Myths about Parental Misperception of Children’s Weight

myth-vs-reality-300x199In a paper published by our own Perez and Ball (2015) in Childhood Obesity, seven myths regarding parents’ misperceptions of children’s weights are discussed.

Briefly, here are some of the myths (or at least my interpretation of them):

1. Myth: Misperception = unawareness. Reality: Misperception is unique in that it implies both unawareness and perception of an incorrect weight status attributed to children.

2. Myth: If parents knew it was a problem, they’d do something about it. Reality: Awareness is a necessary but insufficient precursor to action; those parents who accurately perceive children’s weight status are not more likely to promote children’s healthier lifestyle behaviors.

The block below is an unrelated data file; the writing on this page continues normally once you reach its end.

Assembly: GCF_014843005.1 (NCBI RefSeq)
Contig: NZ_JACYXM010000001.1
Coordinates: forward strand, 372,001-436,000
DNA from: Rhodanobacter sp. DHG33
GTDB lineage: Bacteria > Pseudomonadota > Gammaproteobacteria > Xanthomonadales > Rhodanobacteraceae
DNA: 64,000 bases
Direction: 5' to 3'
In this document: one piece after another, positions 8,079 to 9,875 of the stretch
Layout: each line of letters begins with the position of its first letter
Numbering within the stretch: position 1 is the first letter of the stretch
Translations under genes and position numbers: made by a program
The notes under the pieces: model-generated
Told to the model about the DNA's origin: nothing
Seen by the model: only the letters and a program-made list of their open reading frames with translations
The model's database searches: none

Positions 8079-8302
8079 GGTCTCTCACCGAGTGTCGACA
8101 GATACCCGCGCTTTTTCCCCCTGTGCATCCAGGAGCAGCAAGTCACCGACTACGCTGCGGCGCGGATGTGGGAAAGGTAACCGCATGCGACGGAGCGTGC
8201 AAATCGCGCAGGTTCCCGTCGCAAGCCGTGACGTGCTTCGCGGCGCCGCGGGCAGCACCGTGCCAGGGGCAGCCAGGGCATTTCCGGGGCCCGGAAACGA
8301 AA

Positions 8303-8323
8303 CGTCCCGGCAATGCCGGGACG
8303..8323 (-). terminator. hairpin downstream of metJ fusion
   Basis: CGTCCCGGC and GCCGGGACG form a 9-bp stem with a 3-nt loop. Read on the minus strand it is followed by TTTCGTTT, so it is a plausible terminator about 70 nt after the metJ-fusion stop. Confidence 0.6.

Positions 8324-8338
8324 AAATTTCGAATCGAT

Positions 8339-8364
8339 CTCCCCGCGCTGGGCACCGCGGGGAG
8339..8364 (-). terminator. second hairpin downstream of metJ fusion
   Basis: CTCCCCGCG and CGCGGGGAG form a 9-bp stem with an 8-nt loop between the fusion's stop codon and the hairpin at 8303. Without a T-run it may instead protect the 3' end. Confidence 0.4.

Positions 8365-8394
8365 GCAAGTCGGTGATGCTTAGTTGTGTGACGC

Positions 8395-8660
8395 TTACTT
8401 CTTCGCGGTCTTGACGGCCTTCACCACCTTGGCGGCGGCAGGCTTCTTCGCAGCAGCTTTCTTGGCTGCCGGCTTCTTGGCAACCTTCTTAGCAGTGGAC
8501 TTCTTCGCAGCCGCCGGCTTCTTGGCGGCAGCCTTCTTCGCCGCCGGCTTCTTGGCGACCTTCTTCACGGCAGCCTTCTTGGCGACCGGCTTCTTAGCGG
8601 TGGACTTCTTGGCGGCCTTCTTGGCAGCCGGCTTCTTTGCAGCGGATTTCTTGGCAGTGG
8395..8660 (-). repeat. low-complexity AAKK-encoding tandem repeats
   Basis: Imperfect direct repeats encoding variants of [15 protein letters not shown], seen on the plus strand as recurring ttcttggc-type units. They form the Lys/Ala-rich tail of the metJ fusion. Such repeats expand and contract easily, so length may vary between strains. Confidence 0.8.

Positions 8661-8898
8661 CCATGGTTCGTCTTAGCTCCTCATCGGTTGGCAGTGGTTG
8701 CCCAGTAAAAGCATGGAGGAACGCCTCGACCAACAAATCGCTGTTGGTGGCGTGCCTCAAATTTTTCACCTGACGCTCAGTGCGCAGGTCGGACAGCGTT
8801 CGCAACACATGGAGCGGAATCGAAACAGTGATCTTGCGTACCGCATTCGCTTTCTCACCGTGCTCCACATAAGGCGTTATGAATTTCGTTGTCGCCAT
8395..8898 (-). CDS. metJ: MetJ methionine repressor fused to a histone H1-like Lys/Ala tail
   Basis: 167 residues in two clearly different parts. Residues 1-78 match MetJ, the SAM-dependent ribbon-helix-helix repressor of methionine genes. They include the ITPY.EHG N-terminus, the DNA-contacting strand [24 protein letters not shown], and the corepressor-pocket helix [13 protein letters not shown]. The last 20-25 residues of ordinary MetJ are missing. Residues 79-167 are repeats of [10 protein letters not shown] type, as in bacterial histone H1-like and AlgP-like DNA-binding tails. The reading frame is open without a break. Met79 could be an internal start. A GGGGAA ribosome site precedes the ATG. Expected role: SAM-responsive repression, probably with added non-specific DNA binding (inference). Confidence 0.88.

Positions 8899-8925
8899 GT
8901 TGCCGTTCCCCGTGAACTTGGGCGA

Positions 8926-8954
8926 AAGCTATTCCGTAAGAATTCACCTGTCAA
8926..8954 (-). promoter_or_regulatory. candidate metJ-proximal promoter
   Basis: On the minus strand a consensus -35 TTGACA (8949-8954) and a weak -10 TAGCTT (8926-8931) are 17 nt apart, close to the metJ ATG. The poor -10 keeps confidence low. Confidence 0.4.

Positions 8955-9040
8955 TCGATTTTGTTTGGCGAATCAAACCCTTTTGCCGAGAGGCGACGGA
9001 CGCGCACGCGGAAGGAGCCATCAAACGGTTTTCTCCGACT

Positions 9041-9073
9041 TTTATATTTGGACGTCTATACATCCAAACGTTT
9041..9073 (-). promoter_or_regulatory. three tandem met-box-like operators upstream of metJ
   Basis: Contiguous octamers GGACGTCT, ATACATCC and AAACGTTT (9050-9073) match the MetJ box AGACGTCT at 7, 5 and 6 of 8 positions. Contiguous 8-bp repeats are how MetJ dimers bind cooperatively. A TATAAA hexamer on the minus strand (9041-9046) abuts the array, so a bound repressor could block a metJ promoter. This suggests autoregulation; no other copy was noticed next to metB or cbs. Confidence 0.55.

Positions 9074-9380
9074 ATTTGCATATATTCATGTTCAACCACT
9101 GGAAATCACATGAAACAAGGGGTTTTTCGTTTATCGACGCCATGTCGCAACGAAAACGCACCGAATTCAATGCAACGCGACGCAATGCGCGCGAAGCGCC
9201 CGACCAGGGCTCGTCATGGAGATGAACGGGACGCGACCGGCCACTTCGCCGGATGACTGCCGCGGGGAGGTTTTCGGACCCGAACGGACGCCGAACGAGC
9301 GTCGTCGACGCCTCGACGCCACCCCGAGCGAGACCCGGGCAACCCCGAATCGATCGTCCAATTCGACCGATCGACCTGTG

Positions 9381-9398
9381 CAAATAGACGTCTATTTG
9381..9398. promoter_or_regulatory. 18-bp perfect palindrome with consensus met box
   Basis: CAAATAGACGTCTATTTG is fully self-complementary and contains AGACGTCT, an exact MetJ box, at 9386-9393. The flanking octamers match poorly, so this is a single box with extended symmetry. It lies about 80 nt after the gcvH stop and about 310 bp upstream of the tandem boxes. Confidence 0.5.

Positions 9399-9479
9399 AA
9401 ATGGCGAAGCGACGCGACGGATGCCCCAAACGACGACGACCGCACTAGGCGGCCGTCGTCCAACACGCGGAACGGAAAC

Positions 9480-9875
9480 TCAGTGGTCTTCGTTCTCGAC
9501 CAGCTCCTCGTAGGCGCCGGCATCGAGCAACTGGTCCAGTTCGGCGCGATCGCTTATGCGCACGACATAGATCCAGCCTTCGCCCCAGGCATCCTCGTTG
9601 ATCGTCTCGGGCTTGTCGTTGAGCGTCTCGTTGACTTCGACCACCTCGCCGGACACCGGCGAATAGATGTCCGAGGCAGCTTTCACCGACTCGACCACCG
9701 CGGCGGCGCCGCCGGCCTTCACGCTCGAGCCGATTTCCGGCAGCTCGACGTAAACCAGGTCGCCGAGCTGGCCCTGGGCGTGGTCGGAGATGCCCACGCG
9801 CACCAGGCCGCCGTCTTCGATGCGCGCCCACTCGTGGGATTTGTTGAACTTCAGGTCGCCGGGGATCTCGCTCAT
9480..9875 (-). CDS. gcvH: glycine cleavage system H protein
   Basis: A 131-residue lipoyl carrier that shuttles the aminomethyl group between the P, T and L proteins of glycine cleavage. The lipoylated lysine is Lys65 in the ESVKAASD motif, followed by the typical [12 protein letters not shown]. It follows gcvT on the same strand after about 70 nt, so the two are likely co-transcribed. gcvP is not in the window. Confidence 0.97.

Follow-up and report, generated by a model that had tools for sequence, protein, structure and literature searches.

3. Myth: Parents’ misperceptions represent a personal failure. Reality: Normalization of overweight & obesity may influence parent’s reluctance (knowingly or unknowingly) to use terms such as “obese”, particularly given the associated stigma.

 

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